Getting Selective with Dijit

In this tutorial, we will explore widgets in the dijit/form namespace which enhance the user experience of HTML select elements: Select, FilteringSelect, and ComboBox.

  • Difficulty: Beginner
  • Dojo Version: 1.8

Introduction

Dijit, the Dojo Toolkit's UI framework, contains a comprehensive set of widgets to help you rapidly develop web applications. As we discussed previously in Dijit Themes, Buttons, and TextBoxes, Dijit has many form-based widgets for you to work with, including a wide range of buttons and textboxes. As we will see in this tutorial, Dijit also provides several select-based widgets: dijit/form/Select, dijit/form/FilteringSelect, and dijit/form/ComboBox.

Getting Started

Using Dijit solves one of the more vexing problems presented to web application developers when using HTML select elements—custom styling. By using Dijit theming (as seen in previous tutorials), we can create elements with a uniform look and feel across all supported browsers. With some simple code examples, we will show you how to replace your HTML select elements with these elegant, powerful, and easy to use Dijit widgets:

  • dijit/form/Select: A skinnable drop-down select box [ref | api]
  • dijit/form/FilteringSelect: A select box with a text field to filter results; the field is marked invalid if the text entered does not match a value in the drop-down list [ref | api]
  • dijit/form/ComboBox: A free-form text field that displays suggestions in a drop-down list [ref | api]

dijit/form/Select

dijit/form/Select is in many ways similar to HTML's select element, but Dijit's widget provides useful functionality that can help you customize the appearance and behavior of this simple drop-down.

Important dijit/form/Select properties include:

  • displayedValue: The value presently displayed in the field
  • value: The internal value of the selected option; in the context of a form, this is what would be submitted to the server

In the following example, we create a dijit/form/Select widget from standard select markup with just a couple of additions:

<body class="claro">
	<select id="stateSelect" data-dojo-type="dijit/form/Select"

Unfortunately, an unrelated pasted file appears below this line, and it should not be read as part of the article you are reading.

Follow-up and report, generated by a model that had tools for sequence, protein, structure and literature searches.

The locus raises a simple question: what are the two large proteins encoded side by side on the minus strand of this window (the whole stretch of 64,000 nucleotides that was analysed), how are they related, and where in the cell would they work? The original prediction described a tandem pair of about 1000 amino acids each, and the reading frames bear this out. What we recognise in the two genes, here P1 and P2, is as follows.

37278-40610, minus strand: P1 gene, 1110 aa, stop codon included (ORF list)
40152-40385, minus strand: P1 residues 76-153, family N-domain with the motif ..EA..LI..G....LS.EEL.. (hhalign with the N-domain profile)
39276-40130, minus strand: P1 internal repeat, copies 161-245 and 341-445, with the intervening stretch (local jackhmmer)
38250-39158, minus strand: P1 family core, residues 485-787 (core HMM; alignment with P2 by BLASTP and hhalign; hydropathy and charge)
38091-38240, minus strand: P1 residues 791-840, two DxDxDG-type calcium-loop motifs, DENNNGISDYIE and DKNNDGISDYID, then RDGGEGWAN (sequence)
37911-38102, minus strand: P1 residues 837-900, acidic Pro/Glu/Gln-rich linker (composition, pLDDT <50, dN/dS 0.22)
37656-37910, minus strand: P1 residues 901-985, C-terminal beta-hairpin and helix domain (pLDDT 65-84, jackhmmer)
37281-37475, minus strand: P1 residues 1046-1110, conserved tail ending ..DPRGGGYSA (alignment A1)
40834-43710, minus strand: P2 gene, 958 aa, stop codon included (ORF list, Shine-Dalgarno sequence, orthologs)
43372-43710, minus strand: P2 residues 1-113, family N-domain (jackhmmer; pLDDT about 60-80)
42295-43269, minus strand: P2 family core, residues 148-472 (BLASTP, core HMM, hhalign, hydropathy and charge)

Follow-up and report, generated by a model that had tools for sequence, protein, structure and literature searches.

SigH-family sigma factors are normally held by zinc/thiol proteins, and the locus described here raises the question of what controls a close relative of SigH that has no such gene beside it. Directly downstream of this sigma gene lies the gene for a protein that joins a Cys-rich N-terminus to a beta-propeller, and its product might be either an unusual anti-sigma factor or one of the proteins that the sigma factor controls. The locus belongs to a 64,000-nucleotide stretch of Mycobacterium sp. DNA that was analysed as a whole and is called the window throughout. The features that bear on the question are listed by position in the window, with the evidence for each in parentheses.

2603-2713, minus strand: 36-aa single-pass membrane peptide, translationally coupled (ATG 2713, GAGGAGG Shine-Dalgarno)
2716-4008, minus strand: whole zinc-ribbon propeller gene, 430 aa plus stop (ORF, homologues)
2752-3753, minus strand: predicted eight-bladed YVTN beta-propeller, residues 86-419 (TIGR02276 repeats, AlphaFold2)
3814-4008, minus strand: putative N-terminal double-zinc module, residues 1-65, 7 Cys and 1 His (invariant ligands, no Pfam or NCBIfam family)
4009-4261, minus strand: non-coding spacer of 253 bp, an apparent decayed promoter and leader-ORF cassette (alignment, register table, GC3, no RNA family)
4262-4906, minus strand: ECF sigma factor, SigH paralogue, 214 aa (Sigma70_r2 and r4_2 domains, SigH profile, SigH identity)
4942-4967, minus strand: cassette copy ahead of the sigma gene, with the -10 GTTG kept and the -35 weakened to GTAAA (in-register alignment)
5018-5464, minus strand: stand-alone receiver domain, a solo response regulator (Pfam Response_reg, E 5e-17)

name="stateSelect">
		<option value="" selected="selected">Select a state</option>
		<option value="AL">Alabama</option>
		<option value="AK">Alaska</option>
		<option value="AZ">Arizona</option>
		<option value="AR">Arkansas</option>
		<option value="CA">California</option>
	</select>

	<script>
		require(["dijit/form/Select", "dojo/parser"]);
	</script>
</body>
View Demo

In this simple declarative example, you can see that the only difference between a standard HTML select and dijit/form/Select is indeed a data-dojo-type="dijit/form/Select" attribute in the select tag, and the specification of the input's name within data-dojo-props. All other markup is the same, including how to set the selected value. Using this simple addition to a normal select tag and applying the Claro theme gives you a drop-down that will look great across browsers.

Don't forget: when creating widgets declaratively, make sure you add "parseOnLoad: true" to the data-dojo-config attribute on the script tag that includes dojo.js on the page. Furthermore, it is necessary to explicitly require("dojo/parser") when you intend to use it.

Don't forget to include the class="claro" attribute in the body tag to apply the claro theme to your page. In this case, it's important for it to be in the body tag specifically, so that the theme takes effect not only in the select boxes, but also their associated popup menus.

dijit/form/FilteringSelect

Like a normal select, dijit/form/FilteringSelect allows selection of an option by clicking on the arrow icon and browsing the list of options. Additionally, however, it allows a user to type text into an input field, and will show matching options as he or she types.

Important dijit/form/FilteringSelect properties include:

  • required: Whether or not a value must be provided for the field to be considered valid; defaults to true
  • placeHolder: Text to display in the field when it is blank and unfocused, to indicate instruction or purpose (this feature is inherited from dijit/form/TextBox)
  • displayedValue: The value presently contained in the text field